Mark Wahlberg gets to play second-fiddle to Kevin Hart in a role any actor could play well in Me Time, now streaming on Netflix.

Wahlberg plays Huck Dembo, who runs a digital agency and wants to celebrate his 44th birthday in style at a secluded desert getaway in California, where he’s made a giant effigy of himself that he plans to burn with his good-natured, hipster friends.

Huck is a bit of a child who wants to live a grand life like George Clooney — his idol who lived a grand life and became an ideal family man when the time came to settle down (Clooney and Wahlberg are the best of friends in real life, by the way).

So, he takes out a 47,000 dollar loan from a guy called Stanley (Jimmy O. Yang) — who anyone would mistake as a spectacle-wearing college nerd — and then plans to escape the country.

Me Time is a meek version of what could have been a very entertaining film that came out 10 or 15 years ago, while Day Shift is entertaining and forgettable in the same vein

Stanley, with his Israeli hitwoman Dorit (Shira Gross), tracks Huck to the getaway and, as you’d expect, things turn from bad to worse.

The thing is, Me Time is not about Huck. The film is actually about Sonny (Hart), a stay-at-home dad.

Sonny’s a good guy who was Huck’s best buddy and backbone, until he got married and was relegated to his ideal ‘house husband’ status because his wife (Regina Hall) was gaining success as an architect. Sonny became so good at taking care of the kids that he became the envy of everyone at his children’s school.

Everyone knows that Sonny is trying very hard to become a value addition to his wife, the kids and the school (he does every school activity with enthusiasm) but, in his new role, he has all but forgotten how to live his life (ergo, the title of the film).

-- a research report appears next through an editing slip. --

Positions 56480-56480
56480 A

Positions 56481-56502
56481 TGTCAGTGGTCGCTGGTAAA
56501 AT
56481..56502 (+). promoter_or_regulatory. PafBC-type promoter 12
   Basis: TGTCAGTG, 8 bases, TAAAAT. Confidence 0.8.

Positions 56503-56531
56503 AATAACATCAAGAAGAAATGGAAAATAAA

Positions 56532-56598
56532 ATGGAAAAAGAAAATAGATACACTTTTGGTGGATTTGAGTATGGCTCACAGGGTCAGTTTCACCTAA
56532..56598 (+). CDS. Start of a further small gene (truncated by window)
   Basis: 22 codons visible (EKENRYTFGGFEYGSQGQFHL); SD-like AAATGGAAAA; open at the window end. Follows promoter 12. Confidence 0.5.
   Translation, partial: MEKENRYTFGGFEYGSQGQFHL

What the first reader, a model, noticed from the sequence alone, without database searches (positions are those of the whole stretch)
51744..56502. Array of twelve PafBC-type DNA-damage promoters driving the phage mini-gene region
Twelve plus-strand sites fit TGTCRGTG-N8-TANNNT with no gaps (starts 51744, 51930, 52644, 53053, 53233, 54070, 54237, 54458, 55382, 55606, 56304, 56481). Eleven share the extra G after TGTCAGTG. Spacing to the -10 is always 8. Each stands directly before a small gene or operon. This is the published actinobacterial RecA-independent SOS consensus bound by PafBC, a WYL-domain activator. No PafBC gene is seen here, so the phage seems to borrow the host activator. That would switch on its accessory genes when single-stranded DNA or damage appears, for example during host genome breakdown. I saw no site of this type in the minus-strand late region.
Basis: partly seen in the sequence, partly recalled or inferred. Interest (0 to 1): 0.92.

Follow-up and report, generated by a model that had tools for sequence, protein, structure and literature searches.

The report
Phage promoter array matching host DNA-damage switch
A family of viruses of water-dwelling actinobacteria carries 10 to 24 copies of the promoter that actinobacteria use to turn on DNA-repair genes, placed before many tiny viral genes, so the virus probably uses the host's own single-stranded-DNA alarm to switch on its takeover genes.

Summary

Me Time is a meek version of what could have been a very entertaining film that came out 10 or 15 years ago, when Will Farrell and Steve Carell’s careers were peaking. Written specifically for Netflix (it is their ‘original’, duh!), the production reeks of cost-cutting rewrites.

Still, Me Time isn’t that bad. It’s the type of family-friendly film, with a handful of restrained adult jokes, that 20-somethings can laugh at. For the 40-year-olds the film is targeting, it would feel more than a bit lame.

Day Shift

Bud Jablonski (Jamie Foxx) hunts vampires, and sells their teeth to make a living in Day Shift — an action film that feels like a generic studio movie from before the time superheroes all but took over big-budget filmmaking.

Featuring a good number of contortionist stuntmen and women, who bend over in weird postures before being gunned down and pulled by wires across rooms, Day Shift is entertaining, and forgettable in the same vein.

Bud has an ex-wife, the mother of his daughter, who is itching to take the child away and sell her house. What his ex-wife doesn’t know is that the big real estate saleswoman (Karla Souza), with whom she will be doing business, leads a vampire coven… and that the head vampire’s daughter (who was also a vampire) was killed by Bud.

Snoop Dogg plays a fabled cowboy vampire hunter and Bud’s friend who helps him become a union vampire hunter, because freelance doesn’t pay well. But there is a catch: Bud has to have a ride-along supervisor named Seth (Dave Franco) tag along on his day shift until his probation period is over.

Although there are hints of a buddy action-comedy in Day Shift, under the surface, the film is about a dad trying to make sure that his family stays together, and that he provides an adequate — if not the best — life for them.

The family angle isn’t newfangled by any means, but it helps with the story’s emotional angle. Otherwise, the film is all stunts and action.

Me Time is rated suitable for ages 16 and over. The film is written and directed by John Hamburg (Along Came Polly and I Love You, Man).

Rated suitable for ages of 18 and over, Day Shift is written by Tyler Tice and Shay Hatten (John Wick: Chapter 3, Army of the Dead) and produced by Chad Stahelski (the director of the John Wick films). The film is the directorial debut of long-time stuntman and action choreographer J.J. Perry (another of Stahelski’s associates) and it shows.

Both films are Netflix Originals

Published in Dawn, ICON, September 4th, 2022

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